Developing Effective Mechanisms for Implementing Labor Rights in the Global Economy

Publication Date: 

May 10, 2000

The major point of this paper is that workers in different countries are not adversaries and there is no actual conflict of interest between them. Broad-based economic development is a win-win proposition for workers. Workers in all countries must grasp that they are presently in a doomed competition for low wage jobs, while the MNCs are reaping the benefits of a global surplus of cheap labor. Workers everywhere must return to basics and act together to deal with the global power of MNCs. The unifying theme can be that all workers will benefit if global wages rise.

Child Labor in the Soccer Ball Industry

Publication Date: 

February 1, 1999

In 1996, the International Labor Rights Fund launched a campaign to end the exploitation of child labor in the soccer ball industry. This campaign secured the endorsement of important soccer leagues, city government, youth and children's associations. The campaign also helped encourage the establishment of an international program to move children from soccer ball stitching to schools in Sialkot, Pakistan, where 70% of the world's soccer balls were made.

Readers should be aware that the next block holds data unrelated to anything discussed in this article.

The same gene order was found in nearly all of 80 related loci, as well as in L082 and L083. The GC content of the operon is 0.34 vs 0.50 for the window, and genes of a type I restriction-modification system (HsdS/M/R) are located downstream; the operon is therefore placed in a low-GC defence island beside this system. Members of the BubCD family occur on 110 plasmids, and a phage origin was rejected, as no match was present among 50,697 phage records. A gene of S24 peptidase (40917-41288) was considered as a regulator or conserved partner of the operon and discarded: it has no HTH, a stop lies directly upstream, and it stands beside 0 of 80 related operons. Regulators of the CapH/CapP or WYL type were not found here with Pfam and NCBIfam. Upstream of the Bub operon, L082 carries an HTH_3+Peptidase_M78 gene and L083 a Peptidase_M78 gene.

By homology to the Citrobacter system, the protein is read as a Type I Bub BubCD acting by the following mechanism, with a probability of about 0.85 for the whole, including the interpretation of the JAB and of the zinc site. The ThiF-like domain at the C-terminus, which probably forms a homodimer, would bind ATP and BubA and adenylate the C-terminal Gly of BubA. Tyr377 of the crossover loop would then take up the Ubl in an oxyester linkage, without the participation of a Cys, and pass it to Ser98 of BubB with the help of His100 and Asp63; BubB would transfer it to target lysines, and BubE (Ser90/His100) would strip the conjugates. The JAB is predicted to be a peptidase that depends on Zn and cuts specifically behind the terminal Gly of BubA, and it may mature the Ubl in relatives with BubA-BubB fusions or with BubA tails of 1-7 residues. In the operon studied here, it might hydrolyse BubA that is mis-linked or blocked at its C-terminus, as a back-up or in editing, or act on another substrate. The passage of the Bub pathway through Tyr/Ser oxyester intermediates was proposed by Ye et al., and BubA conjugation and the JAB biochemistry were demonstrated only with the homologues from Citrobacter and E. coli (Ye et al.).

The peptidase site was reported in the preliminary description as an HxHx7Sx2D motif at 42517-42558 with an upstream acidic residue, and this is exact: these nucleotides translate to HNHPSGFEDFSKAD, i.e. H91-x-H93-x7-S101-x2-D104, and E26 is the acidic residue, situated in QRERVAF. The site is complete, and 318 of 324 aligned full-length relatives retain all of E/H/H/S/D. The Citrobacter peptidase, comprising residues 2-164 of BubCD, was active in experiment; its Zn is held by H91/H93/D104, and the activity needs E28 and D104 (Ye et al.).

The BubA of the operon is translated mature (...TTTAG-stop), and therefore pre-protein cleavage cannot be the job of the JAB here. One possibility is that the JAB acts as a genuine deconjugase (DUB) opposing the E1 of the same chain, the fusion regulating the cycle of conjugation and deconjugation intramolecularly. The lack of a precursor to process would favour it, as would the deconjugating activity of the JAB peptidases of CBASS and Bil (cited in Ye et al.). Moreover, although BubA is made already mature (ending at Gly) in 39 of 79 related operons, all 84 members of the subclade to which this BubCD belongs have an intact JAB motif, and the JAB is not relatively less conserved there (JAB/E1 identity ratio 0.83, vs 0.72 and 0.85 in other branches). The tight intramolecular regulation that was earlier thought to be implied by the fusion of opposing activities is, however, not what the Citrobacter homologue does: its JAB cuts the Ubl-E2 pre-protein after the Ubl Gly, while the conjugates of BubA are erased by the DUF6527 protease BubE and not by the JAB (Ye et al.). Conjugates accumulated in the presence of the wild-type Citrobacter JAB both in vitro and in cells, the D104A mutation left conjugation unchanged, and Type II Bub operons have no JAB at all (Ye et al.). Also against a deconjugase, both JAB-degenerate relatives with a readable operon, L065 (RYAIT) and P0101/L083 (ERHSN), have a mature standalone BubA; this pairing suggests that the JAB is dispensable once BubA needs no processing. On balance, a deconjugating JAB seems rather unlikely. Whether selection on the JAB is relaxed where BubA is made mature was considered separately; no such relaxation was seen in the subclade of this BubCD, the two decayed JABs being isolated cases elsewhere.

Partners' Agreement to Eliminate Child Labor in the Soccer Ball Industry

Publication Date: 

February 14, 1997

In February 1997, an agreement was reached between the industry, the ILO, and UNICEF to remove children from the soccer ball industry, provide them with educational opportunities and created internal and external monitoring systems. Over 50 Pakistani soccer ball manufacturers and U. S. importers have signed on to the agreement, known as the "Partners' Agreement to Eliminate Child Labor in the Soccer Ball Industry in Pakistan"(Partners' Agreement).

A Missed Opportunity: The World Bank's World Development Report 1995

Publication Date: 

January 1, 1995

The World Bank's World Development Report 1995: Workers in an Integrating World (WDR) afforded an opportunity for the World Bank to provide leadership on a central issue that faces both its borrowing and non-borrowing member countries: how the increasing competition of countries for the same pool of investment capital, particularly for the purpose of producing manufactured goods, can be reconciled with the interests of workers in industrialized countries and countries at lesser stages of development.